“This work is the first step in studying the extent to which differences exist and uncovering reasons why differences exist across countries,” Infurna said. “Any findings could also contribute to identifying factors that can promote resilience among adults in midlife and inform prevention and intervention efforts.”

Science writer, Psychology Department


ASU mourns loss of Nobel-winning economist Edward Prescott

November 7, 2022

Edward C. Prescott, Regents Professor in the W. P. Carey School of Business at Arizona State University, died on Nov. 6, at age 81.

Prescott was one of the most influential economists in the world. He was a Guggenheim Fellow, a fellow of the Econometric Society and a fellow of the American Academy of Arts and Sciences. In 2002, he received the Nemmers Prize in Economics, and in 2004, he was awarded a Nobel Prize. Headshot of Edward Prescott Edward C. Prescott, Regents' Professor and W. P. Carey Chair in Economics. Download Full Image

As a professor and the W. P. Carey Chair in Economics, he was a beloved and respected member of the W. P. Carey School community for 20 years.

Prescott was born on Dec. 26, 1940, in Glens Falls, New York. He earned his bachelor’s degree from Swarthmore College in Pennsylvania, advanced to Case Western Reserve University in Ohio for his master’s degree and completed his PhD in economics at Carnegie Mellon University in 1967.

Prescott joined ASU in 2003 after previously serving on the faculties of the University of Pennsylvania, Carnegie Mellon, University of Chicago and University of Minnesota. He also held appointments as a visiting professor at Northwestern University, New York University, University of California – Santa Barbara, La Universidad Michoacana de San Nicolás de Hidalgo in Mexico, Australian National University and the Norwegian School of Economics. Since 2009, he also served as the director of the Center for the Advanced Study in Economic Efficiency at the W. P. Carey School. Beyond academia, Prescott served as a senior advisor at the Federal Reserve Bank of Minneapolis since 1981.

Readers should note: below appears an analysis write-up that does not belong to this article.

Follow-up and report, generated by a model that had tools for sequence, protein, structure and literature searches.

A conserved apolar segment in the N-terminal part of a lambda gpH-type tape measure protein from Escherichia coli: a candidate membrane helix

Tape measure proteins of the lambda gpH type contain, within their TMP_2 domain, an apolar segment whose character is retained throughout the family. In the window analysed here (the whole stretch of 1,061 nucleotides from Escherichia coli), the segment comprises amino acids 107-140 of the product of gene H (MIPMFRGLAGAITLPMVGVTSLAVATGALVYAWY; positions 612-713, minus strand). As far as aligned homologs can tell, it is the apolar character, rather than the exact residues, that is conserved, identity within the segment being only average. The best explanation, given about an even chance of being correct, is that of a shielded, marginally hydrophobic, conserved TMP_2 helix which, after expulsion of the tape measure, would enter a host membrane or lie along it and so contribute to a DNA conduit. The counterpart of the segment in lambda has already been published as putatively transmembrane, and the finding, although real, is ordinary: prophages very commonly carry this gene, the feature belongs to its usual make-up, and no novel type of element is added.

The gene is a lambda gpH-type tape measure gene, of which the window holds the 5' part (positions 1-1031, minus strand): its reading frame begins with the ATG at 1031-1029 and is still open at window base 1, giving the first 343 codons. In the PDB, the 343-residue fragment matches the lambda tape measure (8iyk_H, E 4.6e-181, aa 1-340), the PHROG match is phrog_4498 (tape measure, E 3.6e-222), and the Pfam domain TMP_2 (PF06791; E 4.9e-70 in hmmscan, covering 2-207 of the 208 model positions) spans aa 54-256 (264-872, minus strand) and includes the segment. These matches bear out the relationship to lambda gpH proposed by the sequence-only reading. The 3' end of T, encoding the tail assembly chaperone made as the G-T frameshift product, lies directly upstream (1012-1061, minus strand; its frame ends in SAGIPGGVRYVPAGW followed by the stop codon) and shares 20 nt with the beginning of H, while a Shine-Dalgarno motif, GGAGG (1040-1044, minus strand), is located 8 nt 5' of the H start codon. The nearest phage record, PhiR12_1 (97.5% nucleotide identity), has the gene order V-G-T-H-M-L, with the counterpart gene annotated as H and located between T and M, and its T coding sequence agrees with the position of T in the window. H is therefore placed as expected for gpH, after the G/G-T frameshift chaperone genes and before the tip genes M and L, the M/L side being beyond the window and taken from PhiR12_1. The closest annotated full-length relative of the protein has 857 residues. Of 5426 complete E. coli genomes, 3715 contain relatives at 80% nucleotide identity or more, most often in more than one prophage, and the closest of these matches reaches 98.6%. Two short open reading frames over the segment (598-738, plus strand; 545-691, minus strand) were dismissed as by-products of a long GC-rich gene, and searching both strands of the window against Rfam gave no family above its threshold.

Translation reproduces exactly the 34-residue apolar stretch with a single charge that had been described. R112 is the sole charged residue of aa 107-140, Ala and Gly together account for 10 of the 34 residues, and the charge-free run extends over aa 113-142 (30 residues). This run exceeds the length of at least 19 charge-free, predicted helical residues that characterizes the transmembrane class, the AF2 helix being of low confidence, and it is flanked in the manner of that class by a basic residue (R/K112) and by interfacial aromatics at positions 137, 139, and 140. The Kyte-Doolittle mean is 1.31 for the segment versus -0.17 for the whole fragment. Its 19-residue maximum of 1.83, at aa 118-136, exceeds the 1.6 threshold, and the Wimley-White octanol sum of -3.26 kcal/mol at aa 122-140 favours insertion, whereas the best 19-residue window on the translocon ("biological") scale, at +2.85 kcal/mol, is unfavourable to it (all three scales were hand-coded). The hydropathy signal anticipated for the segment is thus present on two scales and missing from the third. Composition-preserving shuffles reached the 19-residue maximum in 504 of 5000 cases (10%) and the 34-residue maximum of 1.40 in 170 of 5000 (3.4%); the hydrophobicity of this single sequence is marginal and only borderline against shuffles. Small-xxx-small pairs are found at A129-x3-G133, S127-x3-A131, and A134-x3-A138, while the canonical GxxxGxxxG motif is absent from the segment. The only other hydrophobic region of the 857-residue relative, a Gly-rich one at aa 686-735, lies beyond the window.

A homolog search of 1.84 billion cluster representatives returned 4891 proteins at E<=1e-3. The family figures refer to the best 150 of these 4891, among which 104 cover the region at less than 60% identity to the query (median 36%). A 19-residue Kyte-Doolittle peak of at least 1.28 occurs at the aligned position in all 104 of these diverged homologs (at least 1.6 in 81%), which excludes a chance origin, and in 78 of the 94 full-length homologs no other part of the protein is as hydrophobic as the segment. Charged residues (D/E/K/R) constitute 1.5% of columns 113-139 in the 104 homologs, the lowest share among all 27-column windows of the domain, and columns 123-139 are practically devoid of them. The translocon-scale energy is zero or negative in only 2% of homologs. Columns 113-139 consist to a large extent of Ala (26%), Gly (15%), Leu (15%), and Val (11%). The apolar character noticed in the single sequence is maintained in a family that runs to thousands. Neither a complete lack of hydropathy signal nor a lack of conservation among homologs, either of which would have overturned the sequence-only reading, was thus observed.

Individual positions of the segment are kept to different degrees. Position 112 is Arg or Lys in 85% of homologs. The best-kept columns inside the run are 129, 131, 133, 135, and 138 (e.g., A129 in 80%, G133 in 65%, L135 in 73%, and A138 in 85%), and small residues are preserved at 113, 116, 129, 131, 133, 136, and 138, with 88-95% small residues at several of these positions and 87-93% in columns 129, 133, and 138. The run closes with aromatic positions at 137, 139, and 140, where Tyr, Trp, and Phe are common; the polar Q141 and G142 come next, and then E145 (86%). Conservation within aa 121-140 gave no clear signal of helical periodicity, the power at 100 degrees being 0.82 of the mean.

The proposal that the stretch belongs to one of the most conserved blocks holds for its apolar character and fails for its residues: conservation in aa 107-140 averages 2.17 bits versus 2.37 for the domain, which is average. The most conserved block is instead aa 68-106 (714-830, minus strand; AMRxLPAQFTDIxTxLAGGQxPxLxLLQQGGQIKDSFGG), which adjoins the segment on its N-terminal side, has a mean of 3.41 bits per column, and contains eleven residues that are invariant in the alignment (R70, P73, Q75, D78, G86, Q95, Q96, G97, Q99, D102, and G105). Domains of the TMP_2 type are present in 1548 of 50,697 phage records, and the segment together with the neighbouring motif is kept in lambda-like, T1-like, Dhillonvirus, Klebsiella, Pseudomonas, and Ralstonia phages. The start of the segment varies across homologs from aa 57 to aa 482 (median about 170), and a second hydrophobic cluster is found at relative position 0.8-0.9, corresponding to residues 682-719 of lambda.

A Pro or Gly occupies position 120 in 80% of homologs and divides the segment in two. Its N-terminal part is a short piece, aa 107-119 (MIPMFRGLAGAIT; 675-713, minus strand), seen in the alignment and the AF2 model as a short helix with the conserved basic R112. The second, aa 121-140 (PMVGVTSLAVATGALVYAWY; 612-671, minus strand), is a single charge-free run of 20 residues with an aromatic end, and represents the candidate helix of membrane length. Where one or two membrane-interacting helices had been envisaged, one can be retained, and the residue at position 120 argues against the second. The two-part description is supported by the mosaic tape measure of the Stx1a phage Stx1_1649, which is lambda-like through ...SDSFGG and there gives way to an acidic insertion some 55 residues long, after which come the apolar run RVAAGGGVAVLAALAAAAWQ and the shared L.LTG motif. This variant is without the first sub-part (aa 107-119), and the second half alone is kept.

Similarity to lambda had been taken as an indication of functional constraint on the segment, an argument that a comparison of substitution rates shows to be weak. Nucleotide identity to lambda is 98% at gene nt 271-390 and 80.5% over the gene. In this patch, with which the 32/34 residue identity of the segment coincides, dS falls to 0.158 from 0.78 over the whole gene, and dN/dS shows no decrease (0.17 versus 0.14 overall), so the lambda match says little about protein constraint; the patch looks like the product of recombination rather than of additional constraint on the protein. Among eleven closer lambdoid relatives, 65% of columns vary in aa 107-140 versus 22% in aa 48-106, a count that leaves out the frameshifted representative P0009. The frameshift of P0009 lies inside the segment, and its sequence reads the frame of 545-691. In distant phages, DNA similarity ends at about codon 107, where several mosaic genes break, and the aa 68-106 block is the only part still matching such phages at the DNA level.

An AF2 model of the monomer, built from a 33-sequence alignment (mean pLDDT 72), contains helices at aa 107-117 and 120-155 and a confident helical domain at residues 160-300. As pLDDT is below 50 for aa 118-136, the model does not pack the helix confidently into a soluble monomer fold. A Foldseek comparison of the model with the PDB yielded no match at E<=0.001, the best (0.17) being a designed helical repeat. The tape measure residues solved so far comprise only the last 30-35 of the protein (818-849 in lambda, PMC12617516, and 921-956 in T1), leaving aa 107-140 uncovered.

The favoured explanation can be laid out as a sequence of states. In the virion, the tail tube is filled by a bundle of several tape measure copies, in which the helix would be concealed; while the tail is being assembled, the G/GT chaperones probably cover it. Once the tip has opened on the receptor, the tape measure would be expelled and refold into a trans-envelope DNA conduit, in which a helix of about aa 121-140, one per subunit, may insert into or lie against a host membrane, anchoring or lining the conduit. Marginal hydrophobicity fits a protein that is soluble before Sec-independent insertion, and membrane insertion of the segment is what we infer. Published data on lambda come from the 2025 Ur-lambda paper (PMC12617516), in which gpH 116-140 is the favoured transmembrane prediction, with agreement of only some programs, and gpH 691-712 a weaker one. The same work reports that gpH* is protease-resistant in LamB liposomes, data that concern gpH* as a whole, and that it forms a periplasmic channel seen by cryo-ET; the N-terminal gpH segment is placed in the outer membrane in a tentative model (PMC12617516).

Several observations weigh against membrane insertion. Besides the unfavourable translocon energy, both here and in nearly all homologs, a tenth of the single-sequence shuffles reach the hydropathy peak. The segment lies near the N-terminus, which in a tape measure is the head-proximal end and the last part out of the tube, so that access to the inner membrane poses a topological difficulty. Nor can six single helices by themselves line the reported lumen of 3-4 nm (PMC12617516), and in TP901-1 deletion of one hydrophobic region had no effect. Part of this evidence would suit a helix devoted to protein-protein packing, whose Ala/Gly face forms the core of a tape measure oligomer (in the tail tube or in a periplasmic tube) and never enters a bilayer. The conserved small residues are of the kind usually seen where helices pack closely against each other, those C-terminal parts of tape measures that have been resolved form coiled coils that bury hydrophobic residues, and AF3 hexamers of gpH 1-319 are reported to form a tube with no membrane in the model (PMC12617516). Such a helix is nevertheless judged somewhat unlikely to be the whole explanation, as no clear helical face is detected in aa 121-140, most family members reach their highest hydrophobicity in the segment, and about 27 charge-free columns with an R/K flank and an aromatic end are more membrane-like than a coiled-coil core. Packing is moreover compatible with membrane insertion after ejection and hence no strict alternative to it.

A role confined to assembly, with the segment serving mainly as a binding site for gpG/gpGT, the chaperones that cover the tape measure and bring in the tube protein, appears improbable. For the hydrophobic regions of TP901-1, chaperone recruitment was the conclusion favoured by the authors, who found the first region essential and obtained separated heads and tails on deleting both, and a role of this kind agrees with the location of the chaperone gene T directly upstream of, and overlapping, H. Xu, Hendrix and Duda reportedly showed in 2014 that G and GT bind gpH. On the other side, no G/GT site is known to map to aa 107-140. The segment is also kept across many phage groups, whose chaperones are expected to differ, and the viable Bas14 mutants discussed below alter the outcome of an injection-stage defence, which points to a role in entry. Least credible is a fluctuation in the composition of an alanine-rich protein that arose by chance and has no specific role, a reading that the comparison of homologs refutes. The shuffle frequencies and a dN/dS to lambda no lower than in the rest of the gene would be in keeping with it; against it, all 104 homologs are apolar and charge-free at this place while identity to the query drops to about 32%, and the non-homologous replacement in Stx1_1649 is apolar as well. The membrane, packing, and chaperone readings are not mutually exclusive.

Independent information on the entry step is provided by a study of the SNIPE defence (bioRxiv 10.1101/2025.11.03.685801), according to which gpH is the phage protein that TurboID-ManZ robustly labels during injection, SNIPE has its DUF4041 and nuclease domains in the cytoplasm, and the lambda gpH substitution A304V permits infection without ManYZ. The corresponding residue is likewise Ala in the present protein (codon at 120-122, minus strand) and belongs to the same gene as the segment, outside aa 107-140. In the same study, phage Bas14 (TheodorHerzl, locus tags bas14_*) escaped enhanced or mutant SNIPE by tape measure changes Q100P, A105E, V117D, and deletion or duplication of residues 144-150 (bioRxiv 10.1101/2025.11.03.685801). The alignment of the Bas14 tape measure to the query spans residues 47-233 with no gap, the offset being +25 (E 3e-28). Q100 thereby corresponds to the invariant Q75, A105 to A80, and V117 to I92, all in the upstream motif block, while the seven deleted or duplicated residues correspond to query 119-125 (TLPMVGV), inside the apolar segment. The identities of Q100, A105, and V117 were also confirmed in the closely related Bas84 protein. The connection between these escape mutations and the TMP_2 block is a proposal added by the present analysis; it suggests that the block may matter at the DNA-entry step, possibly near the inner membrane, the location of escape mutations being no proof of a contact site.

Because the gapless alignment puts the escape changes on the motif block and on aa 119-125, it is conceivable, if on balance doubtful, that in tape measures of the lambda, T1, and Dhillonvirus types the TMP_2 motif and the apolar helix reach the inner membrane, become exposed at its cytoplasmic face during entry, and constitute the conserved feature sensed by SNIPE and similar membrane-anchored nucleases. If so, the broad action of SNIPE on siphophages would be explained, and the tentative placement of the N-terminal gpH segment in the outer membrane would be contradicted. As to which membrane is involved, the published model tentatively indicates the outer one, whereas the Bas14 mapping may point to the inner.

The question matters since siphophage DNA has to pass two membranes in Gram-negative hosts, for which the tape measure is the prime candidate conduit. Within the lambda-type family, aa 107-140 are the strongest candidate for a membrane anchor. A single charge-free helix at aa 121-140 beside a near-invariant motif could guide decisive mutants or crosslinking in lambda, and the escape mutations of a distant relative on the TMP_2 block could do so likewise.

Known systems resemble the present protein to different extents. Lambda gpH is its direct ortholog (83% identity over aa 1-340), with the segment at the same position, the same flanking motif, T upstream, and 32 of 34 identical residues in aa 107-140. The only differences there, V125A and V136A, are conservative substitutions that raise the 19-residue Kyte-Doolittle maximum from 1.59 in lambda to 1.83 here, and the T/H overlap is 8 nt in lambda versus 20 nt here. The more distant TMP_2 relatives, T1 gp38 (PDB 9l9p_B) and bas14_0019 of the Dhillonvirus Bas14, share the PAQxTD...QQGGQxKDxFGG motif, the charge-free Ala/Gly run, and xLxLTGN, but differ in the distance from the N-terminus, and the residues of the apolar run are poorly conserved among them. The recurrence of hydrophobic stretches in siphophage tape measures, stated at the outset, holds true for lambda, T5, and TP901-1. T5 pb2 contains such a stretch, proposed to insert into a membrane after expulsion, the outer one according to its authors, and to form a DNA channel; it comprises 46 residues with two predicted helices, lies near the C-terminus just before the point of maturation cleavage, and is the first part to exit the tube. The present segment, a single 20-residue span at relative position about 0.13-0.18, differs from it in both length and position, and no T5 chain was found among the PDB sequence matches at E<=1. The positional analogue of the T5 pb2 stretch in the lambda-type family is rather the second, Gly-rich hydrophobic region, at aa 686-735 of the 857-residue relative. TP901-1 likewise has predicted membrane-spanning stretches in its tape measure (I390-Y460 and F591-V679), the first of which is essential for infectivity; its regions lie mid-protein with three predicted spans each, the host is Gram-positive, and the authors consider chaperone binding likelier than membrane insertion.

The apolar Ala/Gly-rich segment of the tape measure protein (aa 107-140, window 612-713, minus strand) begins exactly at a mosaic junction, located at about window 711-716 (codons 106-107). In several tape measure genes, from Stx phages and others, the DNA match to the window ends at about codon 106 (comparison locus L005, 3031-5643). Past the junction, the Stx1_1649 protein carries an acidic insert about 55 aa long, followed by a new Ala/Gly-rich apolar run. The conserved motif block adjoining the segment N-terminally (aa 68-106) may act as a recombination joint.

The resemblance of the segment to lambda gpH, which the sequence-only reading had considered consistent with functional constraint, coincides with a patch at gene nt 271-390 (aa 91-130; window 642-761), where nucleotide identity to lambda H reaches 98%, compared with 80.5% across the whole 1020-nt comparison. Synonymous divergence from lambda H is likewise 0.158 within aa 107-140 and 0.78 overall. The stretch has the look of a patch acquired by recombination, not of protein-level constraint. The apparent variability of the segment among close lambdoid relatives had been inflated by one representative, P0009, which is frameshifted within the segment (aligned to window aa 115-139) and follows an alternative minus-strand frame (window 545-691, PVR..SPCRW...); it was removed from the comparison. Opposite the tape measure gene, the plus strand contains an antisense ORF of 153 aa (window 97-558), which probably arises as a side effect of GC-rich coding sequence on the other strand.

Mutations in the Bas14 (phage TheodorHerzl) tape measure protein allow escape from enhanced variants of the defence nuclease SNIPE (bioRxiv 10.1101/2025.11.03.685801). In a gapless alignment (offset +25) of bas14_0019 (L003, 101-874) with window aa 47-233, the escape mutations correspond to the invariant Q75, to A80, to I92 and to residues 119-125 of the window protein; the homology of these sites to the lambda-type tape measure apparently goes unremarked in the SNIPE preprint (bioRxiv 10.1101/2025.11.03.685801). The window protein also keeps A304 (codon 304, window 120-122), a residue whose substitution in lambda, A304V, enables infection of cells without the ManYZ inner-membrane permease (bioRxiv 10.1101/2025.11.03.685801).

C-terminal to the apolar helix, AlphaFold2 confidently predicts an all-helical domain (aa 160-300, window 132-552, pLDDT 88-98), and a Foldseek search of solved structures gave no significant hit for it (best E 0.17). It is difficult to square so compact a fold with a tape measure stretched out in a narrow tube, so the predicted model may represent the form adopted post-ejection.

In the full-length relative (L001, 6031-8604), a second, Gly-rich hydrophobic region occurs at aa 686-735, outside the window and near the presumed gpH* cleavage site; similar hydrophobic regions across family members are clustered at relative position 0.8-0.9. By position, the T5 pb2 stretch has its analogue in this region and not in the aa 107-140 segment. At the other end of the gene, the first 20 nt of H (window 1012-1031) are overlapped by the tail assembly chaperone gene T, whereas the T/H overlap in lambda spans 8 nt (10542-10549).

His research is foundational to the field — and our modern understanding — of macroeconomics. He and frequent co-author Finn Kydland were honored with the 2004 Nobel Memorial Prize in Economic Sciences “for their contributions to dynamic macroeconomics: the time consistency of economic policy and the driving forces behind business cycles.” The two are considered the architects of real business-cycle (RBC) theory, which argues that a substantial part of business-cycle fluctuations is the result of an optimal response of the economy to policy changes that affect its productivity.

The theory has had remarkable successes when confronted with empirical data. It broadly replicates the essential features of the business cycle and plays a central role in modern dynamic macroeconomics. The impact of Prescott’s work is clear from the five honorary professorships and doctorates he was awarded during his life, as well as multiple fellowships and his election to the National Academy of Sciences.

"Professor Edward Prescott's passing is a huge loss for the W. P. Carey School of Business community,” said Ohad Kadan, dean of the W. P. Carey School. “His contributions to economics research were foundational, and his work transformed macroeconomic policy. His passion for economics has made a lasting impact on the field, and his tremendous presence and incisive insights will be greatly missed."

Prescott was known for sharing his tremendous knowledge with the W. P. Carey School community.

“Whether it was a grad student honored to meet a Nobel laureate or another distinguished professor wanting to dissect a new theory, Ed was always generous with his time and brilliant mind. We will miss him greatly,” said Alejandro Manelli, chair of the Department of Economics.

Emily Beach

Communications Manager, W. P. Carey School of Business

(602) 543-3296